Fawole also said she had been an adult product vendor for over six years. She said her business started when she realised that almost on a daily basis, she met at least one person battling lack of sexual fulfilment.
She said, “I decided to do a lot of research, armed with the experiences of my friends and many people I had met, I realised I just had to establish an adult store.
“The sex toys are now just a section of my adult store. I sell erection enhancer, lubricants, sex toys, pheromones, educational DVDs, books and lingerie.”
The interesting thing about Fawole’s business is her clientele.
“Ninety per cent of my clients are men who buy them for their wives. Many of my clients are also sailors who travel a lot. I have many clients that are ship captains and sailors. They buy for their wives because they are usually away from home for so long. Also, some military men buy them when they are away from home for too long. They would say it is better for their wives to be with a vibrator than become unfaithful.”
She also explained that some clients she had met were widows who have stayed without sex for too long and don’t find natural penetration by a man easy and need a vibrator to precede the action.
She said the sexual ignorance fuelled by hypocrisy in the society is what is driving the market
“There are times I take some of the clients over the basics of sex. Most of them have very old mentality of sex. It is not about going in and coming out. We need a lot of education about sex.
“Most of our clients are highly educated and classy people. Yet, their understanding of sex is still limited. We have not even tapped into the market of the uneducated ones.”
Like Obibi, Fawole has had to make use of online stores for the benefit of most of the clients who prefer discretion to escape society’s negative reaction to their sexual choices.
Such society reactions came out when the picture of a woman trended few weeks ago on the social media. The Nigerian woman had apparently gone to a social event with her bag unzipped beside her table. The photograph captured one of people derided.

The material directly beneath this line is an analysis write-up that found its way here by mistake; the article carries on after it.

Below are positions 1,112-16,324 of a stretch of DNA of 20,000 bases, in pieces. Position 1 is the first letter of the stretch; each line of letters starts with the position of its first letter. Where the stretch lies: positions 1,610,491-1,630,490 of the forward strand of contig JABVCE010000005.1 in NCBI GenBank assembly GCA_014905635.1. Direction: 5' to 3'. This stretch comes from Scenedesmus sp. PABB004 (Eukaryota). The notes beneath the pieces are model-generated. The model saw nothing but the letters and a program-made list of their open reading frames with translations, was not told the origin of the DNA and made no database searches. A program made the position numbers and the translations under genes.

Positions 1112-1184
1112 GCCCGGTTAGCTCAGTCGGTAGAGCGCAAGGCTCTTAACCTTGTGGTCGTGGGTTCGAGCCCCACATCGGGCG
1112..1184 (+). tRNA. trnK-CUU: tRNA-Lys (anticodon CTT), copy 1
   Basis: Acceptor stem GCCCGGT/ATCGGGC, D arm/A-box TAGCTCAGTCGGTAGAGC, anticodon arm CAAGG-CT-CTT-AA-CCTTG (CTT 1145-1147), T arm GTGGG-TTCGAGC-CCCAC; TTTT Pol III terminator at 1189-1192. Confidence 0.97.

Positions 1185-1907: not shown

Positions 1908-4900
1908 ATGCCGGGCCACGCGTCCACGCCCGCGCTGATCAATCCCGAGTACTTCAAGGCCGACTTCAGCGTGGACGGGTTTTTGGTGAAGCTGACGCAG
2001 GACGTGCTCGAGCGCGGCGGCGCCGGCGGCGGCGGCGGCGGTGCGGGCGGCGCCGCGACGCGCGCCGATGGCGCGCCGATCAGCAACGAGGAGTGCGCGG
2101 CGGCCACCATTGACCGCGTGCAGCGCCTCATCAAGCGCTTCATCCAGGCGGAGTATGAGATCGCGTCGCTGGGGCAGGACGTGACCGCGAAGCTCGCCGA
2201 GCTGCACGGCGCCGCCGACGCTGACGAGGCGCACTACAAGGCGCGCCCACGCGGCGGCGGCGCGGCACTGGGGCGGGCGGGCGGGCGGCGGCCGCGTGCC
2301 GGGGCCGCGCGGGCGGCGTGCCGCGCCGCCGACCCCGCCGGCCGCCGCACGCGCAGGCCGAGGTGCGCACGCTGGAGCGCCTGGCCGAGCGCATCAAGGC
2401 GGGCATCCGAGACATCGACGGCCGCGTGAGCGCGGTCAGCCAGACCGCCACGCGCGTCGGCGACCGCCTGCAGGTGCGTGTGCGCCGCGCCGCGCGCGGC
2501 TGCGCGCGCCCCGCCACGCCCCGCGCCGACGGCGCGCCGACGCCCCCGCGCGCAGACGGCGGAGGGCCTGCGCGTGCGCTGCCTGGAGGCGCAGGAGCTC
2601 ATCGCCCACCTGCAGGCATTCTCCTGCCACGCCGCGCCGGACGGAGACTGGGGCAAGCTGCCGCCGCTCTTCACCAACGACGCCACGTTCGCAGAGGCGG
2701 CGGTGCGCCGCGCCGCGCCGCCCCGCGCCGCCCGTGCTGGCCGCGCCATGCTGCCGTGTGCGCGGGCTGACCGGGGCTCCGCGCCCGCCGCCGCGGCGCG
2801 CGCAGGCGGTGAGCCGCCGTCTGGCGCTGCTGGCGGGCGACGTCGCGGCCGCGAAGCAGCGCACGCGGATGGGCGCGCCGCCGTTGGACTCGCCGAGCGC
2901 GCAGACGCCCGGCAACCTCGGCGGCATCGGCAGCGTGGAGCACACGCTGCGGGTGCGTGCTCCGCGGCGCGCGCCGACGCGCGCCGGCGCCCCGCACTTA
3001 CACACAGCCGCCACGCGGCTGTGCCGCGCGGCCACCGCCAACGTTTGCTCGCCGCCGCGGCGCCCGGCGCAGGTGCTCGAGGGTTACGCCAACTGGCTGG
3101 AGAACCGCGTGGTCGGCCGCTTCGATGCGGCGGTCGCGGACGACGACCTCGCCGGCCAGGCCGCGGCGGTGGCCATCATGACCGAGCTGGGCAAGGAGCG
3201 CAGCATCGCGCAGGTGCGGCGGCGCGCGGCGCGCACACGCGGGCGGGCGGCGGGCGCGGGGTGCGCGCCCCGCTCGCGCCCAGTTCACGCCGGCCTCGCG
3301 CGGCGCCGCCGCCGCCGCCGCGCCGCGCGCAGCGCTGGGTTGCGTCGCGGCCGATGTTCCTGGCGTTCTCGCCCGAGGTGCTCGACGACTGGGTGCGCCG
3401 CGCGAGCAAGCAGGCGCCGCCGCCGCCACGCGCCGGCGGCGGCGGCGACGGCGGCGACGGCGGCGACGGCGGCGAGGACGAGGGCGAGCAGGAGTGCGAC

“That hypocrisy is exactly why our store moved online. Despite that, some of our clients still send text messages appealing that we should not make their information public in any way,” Fawole said.
Price-wise, she said some of her products are too expensive to be stocked and have to be ordered for customers. Yet, Nigerians buy these.
For instance, Saturday PUNCH learnt that sex dolls, which have not become as common as other sex toys cost as high as $1,500 (about N475,000) to be ordered and shipped to Nigeria.
Okoromadu explained that once in a while, he got orders for dolls from his clients.
“I noticed that the rise in same sex relationships in the country, even though prohibited by law is also putting sex toys in high demand,” he said.
Okoromadu said he had come to respect women who seek his products because he realised that they are trying to stay faithful.
Ibidapo-Obe told our correspondent that women who opt for sex toys should even be applauded because most of them are faithful.
She said in terms of demography, some of her clients are as young as 30 while some are as old as 60.
According to her, if sex toy helps her client stay faithful and avoid sexually transmitted diseases through multiple partners, then it is something that should be embraced.
She said, “Often times, elderly couples come to my shop to buy my products. There was an instance where a man who is my customer brought his wife to my shop to buy a sex toy for her. He said that he was travelling abroad for a six month course and he needed a sex toy for his wife. He bought a sex toy for his wife and went his way. If it were to be some men with the old African mentality, they would not care about their wives’ sexual needs. But the man understood that there is no big deal in using sex toys.”